Reassuring article, New York Times; Aging’s Misunderstood Virtues explains that as we age our so do our tastes, preferences and what interested us at 45 or 50 may not be of interest in later years, as we mature so do our interests, we are continually evolving. I have worried that my mother seems to spend more time alone than I think is healthy. Perhaps not; quoting from the article;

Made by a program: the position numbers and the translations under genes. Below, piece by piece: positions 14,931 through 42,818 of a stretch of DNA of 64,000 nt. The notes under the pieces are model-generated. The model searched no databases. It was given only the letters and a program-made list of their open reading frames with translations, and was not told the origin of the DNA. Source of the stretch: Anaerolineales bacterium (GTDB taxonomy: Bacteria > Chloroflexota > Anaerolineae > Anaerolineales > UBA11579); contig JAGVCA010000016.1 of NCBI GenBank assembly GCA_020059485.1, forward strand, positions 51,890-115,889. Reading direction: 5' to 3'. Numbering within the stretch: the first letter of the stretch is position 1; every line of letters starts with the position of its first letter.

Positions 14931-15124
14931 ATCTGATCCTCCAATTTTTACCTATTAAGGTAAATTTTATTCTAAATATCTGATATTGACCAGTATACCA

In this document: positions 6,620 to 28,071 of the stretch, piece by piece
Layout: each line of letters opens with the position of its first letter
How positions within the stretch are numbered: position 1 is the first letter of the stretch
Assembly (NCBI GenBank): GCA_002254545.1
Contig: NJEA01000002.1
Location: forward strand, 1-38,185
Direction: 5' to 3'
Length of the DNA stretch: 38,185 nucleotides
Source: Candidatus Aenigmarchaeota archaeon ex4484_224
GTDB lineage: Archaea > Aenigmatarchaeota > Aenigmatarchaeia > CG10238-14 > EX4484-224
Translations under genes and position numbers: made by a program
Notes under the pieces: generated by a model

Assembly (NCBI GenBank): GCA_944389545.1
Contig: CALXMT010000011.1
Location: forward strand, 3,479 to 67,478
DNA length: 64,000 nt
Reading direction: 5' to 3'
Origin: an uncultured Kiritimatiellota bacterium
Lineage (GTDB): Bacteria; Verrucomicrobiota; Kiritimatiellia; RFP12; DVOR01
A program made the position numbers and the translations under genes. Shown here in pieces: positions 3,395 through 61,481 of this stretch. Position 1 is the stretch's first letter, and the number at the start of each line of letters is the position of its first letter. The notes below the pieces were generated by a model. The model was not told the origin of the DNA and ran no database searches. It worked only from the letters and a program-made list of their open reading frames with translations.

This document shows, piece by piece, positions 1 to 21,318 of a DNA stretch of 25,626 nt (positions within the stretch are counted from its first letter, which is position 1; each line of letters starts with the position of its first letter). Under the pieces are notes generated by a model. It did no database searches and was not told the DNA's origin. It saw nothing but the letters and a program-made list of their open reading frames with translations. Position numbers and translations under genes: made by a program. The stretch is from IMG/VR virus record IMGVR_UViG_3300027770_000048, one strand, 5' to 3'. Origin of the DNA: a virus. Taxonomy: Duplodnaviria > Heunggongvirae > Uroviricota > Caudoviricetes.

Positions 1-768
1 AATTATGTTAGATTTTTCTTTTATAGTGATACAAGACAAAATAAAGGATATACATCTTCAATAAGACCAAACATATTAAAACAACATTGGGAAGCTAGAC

“We develop and change; we mature,” he told me in a phone interview from his home in Uppsala, Sweden. “It’s a process that goes on all our lives, and it doesn’t ever end. The mistake we make in middle age is thinking that good aging means continuing to be the way we were at 50. Maybe it’s not.”
An increased need for solitude, and for the company of only a few intimates, is one of the traits Dr. Tornstam attributes to this continuing maturation. So that elderly mother isn’t deteriorating, necessarily — she’s evolving.
“People tell us they are different people at 80,” Dr. Tornstam explained. “They have new interests, and they have left some things behind.”